Be Relevant to Your Recipient (not the Sender)

April 13th, 2009 | By Marla Chupack | 1 Comment

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Marketers research the most effective delivery dates and times to gain maximum email value. However, not many marketers thoroughly consider the content of their message as it relates to the reader.

To gain maximum value from your campaign, you need to hit your audience with a message that relates to them – in a communication style they understand, with a design they find appealing and in words they use. A message that is relevant to your audience in content, personalization and tonality is far more effective than other tactics.  Be Relevant!

Get to Know Your Audience
Gain an understanding of your audience – pick up on the words they use, their challenges and concerns. Then apply what you’ve learned to make your email copy relevant and action-oriented. For instance, if you find that your audience is in a certain cycle of life, use that as a theme. Or, if you segment your email by geographical area, the tone, offer and word usage in your email should change to fit that location.

Here are a few strategies for learning about your audience:

  • Eavesdrop. That’s right: listen in. Use social media channels to get to know how your audience communicates, what’s important to them and the type of information they seek. Follow your audience on Twitter. Read what they write on their blogs, or take a look at the blogs they read.  View their Facebook page or group. Subscribe to their RSS feeds.
  • Survey. Surveys are an underutilized tool when it comes to email marketing.  Keep surveys short and use them as an opportunity to learn more about your audience’s email preferences with respect to content, frequency and length.You can also use surveys to gather additional demographics about your audience allowing you to better segment your lists and your messages.
  • Email Preference Center. Give your audience a choice. If you offer multiple email communications to your audience, allow them to choose which types of messages they want to receive and how often they want to receive them.

The Email Message
Use what you learn from your audience to create a meaningful message.

  • From (Person). Is there a person in your organization who will be meaningful to your audience? If so, use them here. You might want to think about using one person’s name for consistency and recognition instead of using anonymous “From” names.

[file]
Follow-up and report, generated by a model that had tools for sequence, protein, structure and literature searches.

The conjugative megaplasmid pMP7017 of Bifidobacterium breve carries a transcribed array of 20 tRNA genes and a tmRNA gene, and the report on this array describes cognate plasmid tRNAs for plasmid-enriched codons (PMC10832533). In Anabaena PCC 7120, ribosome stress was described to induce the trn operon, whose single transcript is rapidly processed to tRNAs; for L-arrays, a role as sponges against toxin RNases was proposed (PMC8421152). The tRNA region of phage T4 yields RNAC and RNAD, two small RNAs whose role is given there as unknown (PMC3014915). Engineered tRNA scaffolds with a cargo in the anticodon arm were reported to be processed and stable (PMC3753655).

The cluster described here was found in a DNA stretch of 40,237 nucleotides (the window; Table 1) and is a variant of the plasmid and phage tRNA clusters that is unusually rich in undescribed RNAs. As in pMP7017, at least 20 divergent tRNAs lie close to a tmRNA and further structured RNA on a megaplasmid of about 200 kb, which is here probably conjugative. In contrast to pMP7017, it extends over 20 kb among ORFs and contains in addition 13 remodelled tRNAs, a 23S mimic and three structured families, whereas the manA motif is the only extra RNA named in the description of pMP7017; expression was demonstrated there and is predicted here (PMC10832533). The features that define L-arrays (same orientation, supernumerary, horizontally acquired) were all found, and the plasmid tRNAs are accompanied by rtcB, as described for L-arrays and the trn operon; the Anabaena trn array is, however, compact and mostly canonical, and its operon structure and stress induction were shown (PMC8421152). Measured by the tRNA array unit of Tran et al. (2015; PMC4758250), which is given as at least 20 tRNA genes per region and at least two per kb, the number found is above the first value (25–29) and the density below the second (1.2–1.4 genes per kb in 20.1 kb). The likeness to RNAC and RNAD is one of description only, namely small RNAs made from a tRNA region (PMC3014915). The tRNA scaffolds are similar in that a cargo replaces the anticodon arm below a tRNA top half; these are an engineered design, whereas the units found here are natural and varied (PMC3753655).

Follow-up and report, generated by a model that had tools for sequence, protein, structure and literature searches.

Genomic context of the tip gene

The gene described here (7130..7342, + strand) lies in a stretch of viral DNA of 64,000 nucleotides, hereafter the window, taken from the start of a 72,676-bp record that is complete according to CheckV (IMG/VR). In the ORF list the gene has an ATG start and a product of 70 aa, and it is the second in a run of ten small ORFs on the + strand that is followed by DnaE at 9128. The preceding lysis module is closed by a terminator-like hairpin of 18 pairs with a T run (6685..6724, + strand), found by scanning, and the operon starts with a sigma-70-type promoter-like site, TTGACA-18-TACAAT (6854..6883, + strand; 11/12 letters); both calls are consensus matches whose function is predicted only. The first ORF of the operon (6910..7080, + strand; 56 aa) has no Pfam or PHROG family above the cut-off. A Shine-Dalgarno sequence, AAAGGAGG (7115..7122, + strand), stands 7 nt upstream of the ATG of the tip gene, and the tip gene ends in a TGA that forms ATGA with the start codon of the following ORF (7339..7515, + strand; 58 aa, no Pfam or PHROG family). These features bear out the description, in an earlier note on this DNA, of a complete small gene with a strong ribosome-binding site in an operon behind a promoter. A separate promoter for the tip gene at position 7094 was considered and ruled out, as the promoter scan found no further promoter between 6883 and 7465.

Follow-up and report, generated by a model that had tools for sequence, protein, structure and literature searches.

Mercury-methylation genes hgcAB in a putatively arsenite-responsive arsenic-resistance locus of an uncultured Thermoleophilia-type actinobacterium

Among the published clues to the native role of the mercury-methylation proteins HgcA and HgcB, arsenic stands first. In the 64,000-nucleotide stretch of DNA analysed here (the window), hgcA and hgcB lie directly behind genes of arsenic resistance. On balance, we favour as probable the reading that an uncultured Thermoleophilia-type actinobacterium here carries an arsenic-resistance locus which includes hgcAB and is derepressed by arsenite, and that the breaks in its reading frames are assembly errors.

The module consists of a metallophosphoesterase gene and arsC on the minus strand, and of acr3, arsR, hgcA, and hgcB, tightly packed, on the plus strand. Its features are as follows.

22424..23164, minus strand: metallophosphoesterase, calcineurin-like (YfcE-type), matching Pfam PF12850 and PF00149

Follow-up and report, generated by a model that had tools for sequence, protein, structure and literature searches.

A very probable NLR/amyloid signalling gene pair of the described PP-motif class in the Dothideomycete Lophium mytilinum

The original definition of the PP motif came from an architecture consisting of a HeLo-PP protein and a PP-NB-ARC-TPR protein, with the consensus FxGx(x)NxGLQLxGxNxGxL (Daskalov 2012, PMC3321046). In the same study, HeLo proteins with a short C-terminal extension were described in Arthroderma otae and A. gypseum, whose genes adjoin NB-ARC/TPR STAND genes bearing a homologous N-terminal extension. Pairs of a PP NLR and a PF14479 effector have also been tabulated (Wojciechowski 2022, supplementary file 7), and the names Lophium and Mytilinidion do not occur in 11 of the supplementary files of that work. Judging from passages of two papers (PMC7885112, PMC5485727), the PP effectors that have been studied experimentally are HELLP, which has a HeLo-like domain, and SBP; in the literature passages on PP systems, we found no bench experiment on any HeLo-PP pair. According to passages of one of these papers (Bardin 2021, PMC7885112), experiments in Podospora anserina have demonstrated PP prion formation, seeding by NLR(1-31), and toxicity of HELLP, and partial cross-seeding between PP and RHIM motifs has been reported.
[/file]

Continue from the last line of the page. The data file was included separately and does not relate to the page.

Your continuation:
• From (Email). Often an email from a recognizable organization or company with loyal followers will see higher open rates.
  • Subject. Set expectations using buzzwords that the audience themselves use.
  • Message. Deliver expectations with examples relevant to your audience.
  • Test. Test your email to see what audiences respond to best. For example, select a small group of recipients and split your audience using one subject line for group A and a different subject line for group B. Use the more successful subject line for the remainder of your subscribers.

Results from Results

  • Metrics. Always check your metrics. Compare and contrast. If you are testing within a campaign, compare those results. Also compare current campaigns with past campaign efforts. Email Transmit has an easy tool to use to perform this comparison.
  • Revisit and Revise. Email campaigns and messaging are ongoing processes. By consistently revisiting and refining messages based on past campaign performance, you can create more relevant messages, decrease your unsubscribes and increase conversions.
  • Change is constant. Audiences can and do change, so it’s a good idea to continue to monitor them even when you think you know them.

Optimizing your messaging and email campaigns really comes down to one thing: Don’t create your message based on what sounds good to you. Create email campaigns that sound good to your audience and resonates with them. Be Relevant!
 

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  • Emily

    Good idea about the surveys. Polls can also be a good way to collect data and tend to get better responses than surveys from what I’ve seen.


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